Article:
The drama is always there. The ups and downs in life are always there. We just tend to notice them more when we are trying to go through the intense process of detox, withdrawal, and recovery from addiction. That process is intense and difficult and it sort of turns up the volume on all of our emotions in our lives. Transitioning to recovery is difficult, emotional, and intense. That is why most people suggest getting lots of support for when you try to pull it off.
So the addict learns all of this in stages, usually over the course of trying to quit several times. It would be a rare event for an addict or an alcoholic to say for the first time ever “I am going to try to quit my drug of choice” and then to simply do it without any problems or complications or relapses. Instead they are more likely to have to learn these different levels of surrender in stages, because they will be reluctant to surrender completely and give themselves over to the ultimate solution all at once. It is too intense of a move to take all at once, to embrace total abstinence and get it perfect right off the bat.
Accepting abstinence as your only solution
So at some point the addict or alcohol must embrace total abstinence as their solution. If they do not do this then they are just going to keep spinning their wheels as they return to their drug of choice over and over again. They may have brief periods of abstinence or control as they attempt to moderate, but they will not have any long term success until they make this full surrender, this total leap of faith that they must embrace 100 percent total abstinence as their solution.
So many people get confused about the importance of abstinence in their lives. Really it all boils down to a simple math equation, really. Let’s state it simply like this:
You + drugs and alcohol = bad.
You – drugs and alcohol = good.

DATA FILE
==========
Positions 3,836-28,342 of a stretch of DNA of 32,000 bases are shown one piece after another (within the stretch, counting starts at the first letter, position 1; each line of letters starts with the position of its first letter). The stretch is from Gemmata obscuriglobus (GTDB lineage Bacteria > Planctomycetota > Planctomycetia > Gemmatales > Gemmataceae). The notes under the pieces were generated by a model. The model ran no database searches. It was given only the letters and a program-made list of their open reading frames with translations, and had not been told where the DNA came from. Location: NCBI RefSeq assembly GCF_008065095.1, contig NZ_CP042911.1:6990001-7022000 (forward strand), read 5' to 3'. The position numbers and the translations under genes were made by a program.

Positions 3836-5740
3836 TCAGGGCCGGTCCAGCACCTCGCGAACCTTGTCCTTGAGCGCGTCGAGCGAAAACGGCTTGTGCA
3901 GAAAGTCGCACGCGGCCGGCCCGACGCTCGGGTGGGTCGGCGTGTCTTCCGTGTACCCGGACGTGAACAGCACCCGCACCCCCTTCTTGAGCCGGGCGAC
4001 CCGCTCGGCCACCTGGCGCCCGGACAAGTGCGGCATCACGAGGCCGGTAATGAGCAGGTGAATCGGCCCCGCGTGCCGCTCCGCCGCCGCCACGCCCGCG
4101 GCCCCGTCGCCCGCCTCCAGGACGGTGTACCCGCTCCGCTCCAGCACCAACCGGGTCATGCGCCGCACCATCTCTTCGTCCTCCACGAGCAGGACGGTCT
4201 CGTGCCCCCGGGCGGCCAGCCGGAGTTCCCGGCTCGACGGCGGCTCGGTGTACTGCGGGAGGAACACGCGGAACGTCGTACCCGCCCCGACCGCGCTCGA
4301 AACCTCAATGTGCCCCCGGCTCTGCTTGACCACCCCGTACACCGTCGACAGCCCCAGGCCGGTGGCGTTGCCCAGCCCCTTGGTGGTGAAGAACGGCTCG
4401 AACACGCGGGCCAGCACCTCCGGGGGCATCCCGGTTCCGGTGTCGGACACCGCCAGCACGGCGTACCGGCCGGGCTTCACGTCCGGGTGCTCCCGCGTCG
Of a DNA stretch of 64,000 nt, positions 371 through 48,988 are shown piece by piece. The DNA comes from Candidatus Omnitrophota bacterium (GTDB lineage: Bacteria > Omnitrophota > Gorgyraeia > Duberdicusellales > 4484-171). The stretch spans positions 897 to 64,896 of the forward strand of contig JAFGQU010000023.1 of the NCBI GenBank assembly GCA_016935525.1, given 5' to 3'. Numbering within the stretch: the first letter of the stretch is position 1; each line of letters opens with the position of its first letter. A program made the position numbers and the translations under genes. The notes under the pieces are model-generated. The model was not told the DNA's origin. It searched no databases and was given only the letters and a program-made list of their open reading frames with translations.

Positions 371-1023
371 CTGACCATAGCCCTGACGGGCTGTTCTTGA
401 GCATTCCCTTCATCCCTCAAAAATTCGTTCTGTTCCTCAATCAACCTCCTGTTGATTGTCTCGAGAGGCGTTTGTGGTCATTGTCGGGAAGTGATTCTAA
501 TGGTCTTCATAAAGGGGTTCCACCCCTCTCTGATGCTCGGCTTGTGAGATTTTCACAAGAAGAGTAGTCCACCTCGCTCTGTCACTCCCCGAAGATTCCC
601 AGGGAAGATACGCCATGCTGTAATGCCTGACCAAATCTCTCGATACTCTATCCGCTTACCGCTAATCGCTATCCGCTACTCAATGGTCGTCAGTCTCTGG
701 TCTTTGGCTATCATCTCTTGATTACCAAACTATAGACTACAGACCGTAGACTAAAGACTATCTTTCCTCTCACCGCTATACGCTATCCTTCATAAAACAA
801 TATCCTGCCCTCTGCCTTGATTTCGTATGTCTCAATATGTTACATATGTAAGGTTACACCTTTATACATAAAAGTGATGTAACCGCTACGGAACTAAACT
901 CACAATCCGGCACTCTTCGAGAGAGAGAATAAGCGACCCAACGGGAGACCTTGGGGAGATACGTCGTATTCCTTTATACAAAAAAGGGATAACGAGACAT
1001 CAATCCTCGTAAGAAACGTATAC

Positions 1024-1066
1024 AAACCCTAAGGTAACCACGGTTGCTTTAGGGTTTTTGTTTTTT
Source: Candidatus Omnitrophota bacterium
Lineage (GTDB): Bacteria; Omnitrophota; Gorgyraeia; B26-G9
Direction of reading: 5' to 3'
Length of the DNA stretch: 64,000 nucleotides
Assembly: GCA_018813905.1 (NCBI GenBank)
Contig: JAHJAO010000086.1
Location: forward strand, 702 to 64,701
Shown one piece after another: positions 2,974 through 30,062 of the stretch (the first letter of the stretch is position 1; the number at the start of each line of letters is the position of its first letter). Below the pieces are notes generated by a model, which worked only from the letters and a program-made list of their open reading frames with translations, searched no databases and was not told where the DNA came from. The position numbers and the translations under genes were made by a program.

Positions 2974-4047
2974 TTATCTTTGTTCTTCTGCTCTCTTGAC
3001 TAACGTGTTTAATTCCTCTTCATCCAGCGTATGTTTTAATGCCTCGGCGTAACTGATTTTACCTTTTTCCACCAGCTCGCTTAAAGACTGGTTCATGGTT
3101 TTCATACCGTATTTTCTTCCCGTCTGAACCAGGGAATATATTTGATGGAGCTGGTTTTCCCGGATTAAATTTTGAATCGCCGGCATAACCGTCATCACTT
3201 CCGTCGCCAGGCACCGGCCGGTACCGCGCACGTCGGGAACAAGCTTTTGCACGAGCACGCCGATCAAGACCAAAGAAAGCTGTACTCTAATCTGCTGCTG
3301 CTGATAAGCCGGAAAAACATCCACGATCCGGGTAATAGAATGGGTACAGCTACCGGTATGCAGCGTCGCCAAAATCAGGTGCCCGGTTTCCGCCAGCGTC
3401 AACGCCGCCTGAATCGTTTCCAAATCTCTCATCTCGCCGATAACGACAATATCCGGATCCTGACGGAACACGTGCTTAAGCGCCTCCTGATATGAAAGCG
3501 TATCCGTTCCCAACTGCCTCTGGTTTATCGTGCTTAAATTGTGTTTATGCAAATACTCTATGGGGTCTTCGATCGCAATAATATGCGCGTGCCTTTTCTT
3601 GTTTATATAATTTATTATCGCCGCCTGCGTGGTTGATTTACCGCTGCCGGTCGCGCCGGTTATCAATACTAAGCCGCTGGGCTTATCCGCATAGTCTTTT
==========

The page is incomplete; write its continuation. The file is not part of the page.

Now of course it is a bit more complicated than that, but I would urge people to keep it this simple for the purposes of maintaining their own recovery.
The reason that we even need to emphasis this concept of abstinence is because so many addicts and alcoholics get it screwed up. They start to put other things in front of their abstinence.
One very popular example of this is with the whole spiritual aspect of the program and seeking a higher power. Many people in recovery, upon finding their higher power, instantly realize the supreme importance of this supernatural being and instantly put their higher power on a pedestal as being the most important thing in their life. They will say things like “Without my higher power, nothing is possible. With my higher power, all things are possible.”
This is fine and there is nothing necessarily wrong with it, except that it gets a little dangerous for the typical addict to go replacing their highest truth about total abstinence.
Meaning just this:
Your highest truth in life is that you can not use a drink or a drug today, no matter what. That is number one in your life. Start putting other stuff in front of that and you are going to relapse. Do not get distracted.